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'Vicious personal attacks' triggers Stillwater coach resignation

By DAVID LA VAQUE, Star Tribune, 04/08/16, 1:15PM CDT


Tony Scheid, who coached the team for 14 years and led it to two state titles, cited verbal attacks against his family.

Tony Scheid, shown here at a practice in 2014, has resigned after 14 years as Stillwater's head coach. Star Tribune file photo

Saying his family had been subjected to what he called “unrelenting and vicious” verbal attacks from a group of parents, Stillwater girls’ hockey coach Tony Scheid has resigned.

Scheid, who coached the Ponies to a pair of Class 2A state titles during his 14 seasons, announced his resignation in a letter sent in an email dated April 8 to District 834 Superintendent Denise Pontrelli. In the email, Scheid criticized what he called a lack of support from Pontrelli.

A district spokeswoman declined to comment Friday, citing data privacy with personnel matters.

Scheid, who coached the team to a 9-16-2 record in the 2015-16 season, wrote in the letter:

“Throughout almost all of those fourteen years, I have had the strong support of Superintendents and Athletic Directors who appreciated the value to the students and to the community of the program we had created. They understood the nature of the sport and the context of any criticisms that may have been leveled at me.

"Unfortunately, it is obvious to me that I have lost that support.

"Recently, I have seen my family being subjected to an unrelenting and vicious personal series of verbal attacks from a group of parents of intensity unlike any I could have imagined, much less seen before. Much of the joy of coaching in this program has been taken away by the need to defend my own family from these vicious attacks, which would seem to be channeled to and through your office.  In the past, I might have shrugged much of this off, confident that I could move forward with the program and an administration that “had my back”. I simply will not put my family through any more of this.”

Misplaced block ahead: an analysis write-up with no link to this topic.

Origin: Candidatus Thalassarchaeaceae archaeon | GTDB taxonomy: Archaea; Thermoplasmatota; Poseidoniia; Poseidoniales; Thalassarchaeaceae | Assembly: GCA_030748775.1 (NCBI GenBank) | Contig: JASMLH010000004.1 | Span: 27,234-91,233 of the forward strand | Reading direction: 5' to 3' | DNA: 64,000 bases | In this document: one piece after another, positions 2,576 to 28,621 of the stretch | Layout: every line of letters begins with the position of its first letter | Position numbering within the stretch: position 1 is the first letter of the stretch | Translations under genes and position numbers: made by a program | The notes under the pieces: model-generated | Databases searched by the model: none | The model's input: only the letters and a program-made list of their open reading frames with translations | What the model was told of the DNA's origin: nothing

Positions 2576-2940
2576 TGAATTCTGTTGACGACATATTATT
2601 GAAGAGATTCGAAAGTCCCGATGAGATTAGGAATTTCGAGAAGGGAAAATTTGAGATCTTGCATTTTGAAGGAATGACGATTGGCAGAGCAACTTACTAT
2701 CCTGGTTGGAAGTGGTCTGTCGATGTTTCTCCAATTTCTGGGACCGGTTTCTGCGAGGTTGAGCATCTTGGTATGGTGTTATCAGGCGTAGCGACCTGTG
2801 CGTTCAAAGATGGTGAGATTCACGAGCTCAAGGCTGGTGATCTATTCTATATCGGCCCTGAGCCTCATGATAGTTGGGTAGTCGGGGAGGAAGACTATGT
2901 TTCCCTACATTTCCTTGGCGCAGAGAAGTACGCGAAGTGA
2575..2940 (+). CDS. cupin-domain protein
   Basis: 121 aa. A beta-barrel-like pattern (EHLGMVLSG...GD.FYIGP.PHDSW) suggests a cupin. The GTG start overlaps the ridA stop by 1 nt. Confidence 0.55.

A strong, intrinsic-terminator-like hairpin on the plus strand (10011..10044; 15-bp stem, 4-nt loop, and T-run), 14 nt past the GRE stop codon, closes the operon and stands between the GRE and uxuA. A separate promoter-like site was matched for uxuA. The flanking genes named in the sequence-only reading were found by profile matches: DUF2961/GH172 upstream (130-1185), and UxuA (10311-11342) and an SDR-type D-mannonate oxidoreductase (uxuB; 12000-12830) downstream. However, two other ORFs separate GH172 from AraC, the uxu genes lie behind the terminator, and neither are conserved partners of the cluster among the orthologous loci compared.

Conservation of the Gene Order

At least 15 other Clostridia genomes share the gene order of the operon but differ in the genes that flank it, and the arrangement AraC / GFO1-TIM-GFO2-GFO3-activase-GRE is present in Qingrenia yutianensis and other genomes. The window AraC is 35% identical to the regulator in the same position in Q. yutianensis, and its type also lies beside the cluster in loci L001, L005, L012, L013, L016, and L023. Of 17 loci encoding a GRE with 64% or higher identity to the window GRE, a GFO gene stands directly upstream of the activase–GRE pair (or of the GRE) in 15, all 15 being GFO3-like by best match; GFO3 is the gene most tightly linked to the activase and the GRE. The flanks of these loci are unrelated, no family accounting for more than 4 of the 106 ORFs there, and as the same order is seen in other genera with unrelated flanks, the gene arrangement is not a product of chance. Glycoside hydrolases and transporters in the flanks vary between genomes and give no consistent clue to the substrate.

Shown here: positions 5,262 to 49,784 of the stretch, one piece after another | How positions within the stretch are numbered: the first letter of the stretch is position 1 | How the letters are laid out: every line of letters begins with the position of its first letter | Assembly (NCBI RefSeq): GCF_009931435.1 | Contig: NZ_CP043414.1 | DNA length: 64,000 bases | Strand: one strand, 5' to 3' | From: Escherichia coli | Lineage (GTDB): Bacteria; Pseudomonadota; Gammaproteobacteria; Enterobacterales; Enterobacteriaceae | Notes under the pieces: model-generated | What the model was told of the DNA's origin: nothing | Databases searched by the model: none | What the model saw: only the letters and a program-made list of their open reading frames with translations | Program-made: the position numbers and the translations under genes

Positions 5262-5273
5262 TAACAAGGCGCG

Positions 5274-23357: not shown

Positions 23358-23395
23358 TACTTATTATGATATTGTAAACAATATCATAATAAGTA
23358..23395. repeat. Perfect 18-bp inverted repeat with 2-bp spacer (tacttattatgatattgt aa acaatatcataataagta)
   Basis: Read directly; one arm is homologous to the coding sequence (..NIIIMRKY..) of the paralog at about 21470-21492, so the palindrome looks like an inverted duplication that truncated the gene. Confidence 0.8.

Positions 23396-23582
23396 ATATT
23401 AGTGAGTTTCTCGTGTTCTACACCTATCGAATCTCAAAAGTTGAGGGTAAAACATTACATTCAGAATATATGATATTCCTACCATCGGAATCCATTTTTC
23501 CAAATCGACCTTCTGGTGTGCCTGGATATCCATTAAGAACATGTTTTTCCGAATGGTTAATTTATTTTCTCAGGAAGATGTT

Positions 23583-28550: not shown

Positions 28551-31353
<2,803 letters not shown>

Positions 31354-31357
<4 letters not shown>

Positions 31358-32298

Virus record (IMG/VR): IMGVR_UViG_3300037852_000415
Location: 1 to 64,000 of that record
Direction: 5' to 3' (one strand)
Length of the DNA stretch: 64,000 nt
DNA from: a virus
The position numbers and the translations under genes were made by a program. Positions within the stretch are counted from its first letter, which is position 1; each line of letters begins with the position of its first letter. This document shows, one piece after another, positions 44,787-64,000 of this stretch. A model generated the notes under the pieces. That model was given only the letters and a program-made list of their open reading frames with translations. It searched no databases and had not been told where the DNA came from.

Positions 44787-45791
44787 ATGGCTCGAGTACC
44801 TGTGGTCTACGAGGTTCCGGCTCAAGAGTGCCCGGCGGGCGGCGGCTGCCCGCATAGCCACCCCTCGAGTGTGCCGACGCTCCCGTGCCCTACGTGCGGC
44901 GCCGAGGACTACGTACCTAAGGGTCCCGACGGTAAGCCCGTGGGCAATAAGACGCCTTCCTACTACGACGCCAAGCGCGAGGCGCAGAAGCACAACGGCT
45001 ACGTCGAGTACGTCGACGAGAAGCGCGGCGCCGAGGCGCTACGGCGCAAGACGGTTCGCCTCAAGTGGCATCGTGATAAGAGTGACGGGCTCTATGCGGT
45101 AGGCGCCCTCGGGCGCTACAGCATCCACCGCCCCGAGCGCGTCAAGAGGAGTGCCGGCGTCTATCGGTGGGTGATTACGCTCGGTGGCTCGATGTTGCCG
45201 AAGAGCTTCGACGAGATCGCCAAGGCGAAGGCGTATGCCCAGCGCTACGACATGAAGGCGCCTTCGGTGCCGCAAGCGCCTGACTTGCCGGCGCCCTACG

Under Scheid, Stillwater made three state tournament and won two state championships. He leaves with a 260-112-21 career record.

In an accompanying press release, Scheid said: “When I first got here, it was all about teaching the kids the sport and putting them into a position to enjoy hockey, play it well and have fun. If you do those things, winning almost always follows. Now, though, much of the job of coaching is increasingly taken up with public relations. Given the strong feelings that can be involved whenever decisions are made about students, it is essential that a coach has the confidence of his school district administration watching his back to be able to move forward with a program. I now know that I no longer have that support from the new administration at Stillwater. While I regret this, I understand that it does mean that it is time to focus my passions and efforts in hockey in other directions and to allow the program I have worked so hard to develop well to look to others for leadership.”

Scheid, reached later on Friday, declined to comment beyond what he wrote.

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